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Why Not Put Your Dormant Little Website to Work!?



Please welcome Agent Genius’ newest writer, Rob McCance from Atlanta.  Rob is an interesting guy- he wasn’t born with a real estate license, instead he studied electrical engineering at USF and did enterprise level software sales prior to engaging in real estate where he founded the Georgia Realty Group and now balances that career with web development and lead management. Rob will be writing about his passion of lead management and website design and use, so stay tuned.

mccance-article-one-imageI know what you are thinking: your site has been out there on “The Internets” for years, doing nothing. Every month you pay to host it, you pay for the IDX search and you pay for the edits. You spend countless hours trying to SEO it and attract people to your killer Blog. And all for what, usually almost nothing tangible.

Your site needs to generate some real leads.

I don’t know about you, but the purpose of my website is to generate leads. That’s it. Sure I offer up a lot of helpful information and I sure hope my visitors find that useful, but I really want them to sign in and become a client! After all, I’m not some public service .org site here, I’ve got two mini-me’s to feed.

Ok then, how do we get-‘er-done? Well, why not just create 10,000 one-way incoming links to your site, each link anchor text optimized for your keywords. And while you’re at it, optimize your home page for the same key word and viola; you might make it to page one of Google for that one key word. Yeah, just go ahead do that.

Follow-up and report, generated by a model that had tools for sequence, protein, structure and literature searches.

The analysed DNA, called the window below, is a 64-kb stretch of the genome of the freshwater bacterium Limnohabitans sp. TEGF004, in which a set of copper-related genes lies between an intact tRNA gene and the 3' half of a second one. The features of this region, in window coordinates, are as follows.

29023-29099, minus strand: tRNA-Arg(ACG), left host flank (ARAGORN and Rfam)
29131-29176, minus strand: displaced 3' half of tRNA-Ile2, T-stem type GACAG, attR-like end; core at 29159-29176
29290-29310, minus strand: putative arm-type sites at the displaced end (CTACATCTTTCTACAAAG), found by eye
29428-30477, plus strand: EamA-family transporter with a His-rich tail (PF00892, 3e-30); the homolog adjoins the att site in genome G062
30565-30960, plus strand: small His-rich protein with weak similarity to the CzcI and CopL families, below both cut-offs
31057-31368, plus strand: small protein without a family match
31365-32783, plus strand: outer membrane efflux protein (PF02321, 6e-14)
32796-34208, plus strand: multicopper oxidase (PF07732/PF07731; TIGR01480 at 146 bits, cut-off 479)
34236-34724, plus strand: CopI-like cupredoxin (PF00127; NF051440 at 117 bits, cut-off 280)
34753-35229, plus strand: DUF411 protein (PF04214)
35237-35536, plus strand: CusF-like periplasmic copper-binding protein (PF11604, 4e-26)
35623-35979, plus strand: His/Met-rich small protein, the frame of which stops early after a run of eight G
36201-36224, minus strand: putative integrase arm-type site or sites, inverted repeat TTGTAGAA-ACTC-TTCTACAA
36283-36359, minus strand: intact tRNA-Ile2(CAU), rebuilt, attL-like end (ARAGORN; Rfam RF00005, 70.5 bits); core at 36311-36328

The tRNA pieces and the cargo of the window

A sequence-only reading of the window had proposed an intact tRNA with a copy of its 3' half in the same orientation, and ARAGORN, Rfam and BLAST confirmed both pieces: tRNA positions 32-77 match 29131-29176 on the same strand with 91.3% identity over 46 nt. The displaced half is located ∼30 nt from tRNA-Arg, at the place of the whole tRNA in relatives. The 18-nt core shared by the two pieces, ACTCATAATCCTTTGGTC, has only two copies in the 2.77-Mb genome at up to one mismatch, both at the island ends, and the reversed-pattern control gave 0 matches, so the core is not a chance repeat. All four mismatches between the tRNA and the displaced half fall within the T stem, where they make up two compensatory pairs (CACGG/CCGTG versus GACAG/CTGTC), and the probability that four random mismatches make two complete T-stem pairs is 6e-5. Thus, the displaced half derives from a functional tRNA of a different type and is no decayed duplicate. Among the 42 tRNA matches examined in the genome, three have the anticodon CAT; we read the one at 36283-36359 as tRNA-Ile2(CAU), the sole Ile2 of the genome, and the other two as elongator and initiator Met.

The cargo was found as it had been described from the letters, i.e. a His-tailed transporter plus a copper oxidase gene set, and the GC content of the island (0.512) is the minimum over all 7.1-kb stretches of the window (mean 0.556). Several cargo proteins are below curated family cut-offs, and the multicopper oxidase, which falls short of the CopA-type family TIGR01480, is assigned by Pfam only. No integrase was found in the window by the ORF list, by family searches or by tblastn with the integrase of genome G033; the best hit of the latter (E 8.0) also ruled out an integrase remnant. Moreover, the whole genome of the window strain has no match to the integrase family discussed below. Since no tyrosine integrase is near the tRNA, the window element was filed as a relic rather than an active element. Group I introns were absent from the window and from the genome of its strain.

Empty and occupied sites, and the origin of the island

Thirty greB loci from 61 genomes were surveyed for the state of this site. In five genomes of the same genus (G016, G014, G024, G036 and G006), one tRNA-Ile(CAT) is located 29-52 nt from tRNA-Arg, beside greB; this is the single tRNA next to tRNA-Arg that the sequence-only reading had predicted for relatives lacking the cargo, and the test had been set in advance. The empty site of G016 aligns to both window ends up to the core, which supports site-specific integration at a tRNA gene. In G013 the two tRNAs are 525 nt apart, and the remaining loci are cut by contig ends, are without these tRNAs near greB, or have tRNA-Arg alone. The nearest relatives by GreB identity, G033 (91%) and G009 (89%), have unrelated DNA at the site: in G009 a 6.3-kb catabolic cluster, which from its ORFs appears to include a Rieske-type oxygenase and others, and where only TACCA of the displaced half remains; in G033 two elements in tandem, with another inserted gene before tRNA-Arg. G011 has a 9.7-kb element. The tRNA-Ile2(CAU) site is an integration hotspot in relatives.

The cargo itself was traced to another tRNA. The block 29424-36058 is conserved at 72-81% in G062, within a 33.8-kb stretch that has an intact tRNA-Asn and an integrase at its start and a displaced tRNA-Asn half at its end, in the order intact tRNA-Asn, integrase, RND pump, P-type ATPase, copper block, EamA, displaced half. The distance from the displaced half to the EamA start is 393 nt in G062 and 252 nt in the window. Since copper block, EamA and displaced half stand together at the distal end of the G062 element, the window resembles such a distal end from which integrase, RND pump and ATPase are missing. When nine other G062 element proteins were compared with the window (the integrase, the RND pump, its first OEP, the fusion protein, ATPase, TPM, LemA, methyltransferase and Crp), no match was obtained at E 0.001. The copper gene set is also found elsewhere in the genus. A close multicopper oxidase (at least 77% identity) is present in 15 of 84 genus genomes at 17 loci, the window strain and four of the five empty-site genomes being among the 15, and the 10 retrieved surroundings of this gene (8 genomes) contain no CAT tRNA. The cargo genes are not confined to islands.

Alright – forget that for now, that will take forever, and that might not even work.

The solution: AdWords.

Here’s the deal: you should think of AdWords as just another cost of doing business. Temporarily stop hatin’ on AdWords. The key to AdWords is putting in some real work correctly setting it all up; the campaigns, ads and landing pages.

If you get it right, here’s what AdWords can do for you: Every single day, 24/7, it can screen a huge number of internet searchers for you and send them to your site, looking for exactly what you are offering. It can turn a mediocre dead useless web site into a lead machine, and I should know.

Hey Google, screen these 174,464 searchers for me this month.

There are four levels of screening that occur when you have a well designed AdWords campaign along with specific landing pages:

Screen #1 – Searchers go to Google looking for terms related to Real Estate in your market.
Screen #2 – One of your ads displays, if that looks on target, searchers click to your landing page.
Screen #3 – Now on your landing page, searchers ask, “is this really what I am looking for?”
Screen #4 – If so, searchers enter your IDX and hopefully register with real data.

Now, after FOUR screens, you are on your way to having a bona fide lead. If the first two screens fail, you pay nothing. Sweet!

How about 2-10 leads per day from your now dormant web site?

Now you are probably saying, “yeah but, I’ll seriously pay for these leads..” All I can say is wrong. If I can obtain 2-10 leads per day in the ultra-competitive Atlanta Real Estate market and spend less than $200/mo doing it, this can be repeated in your market, probably for less.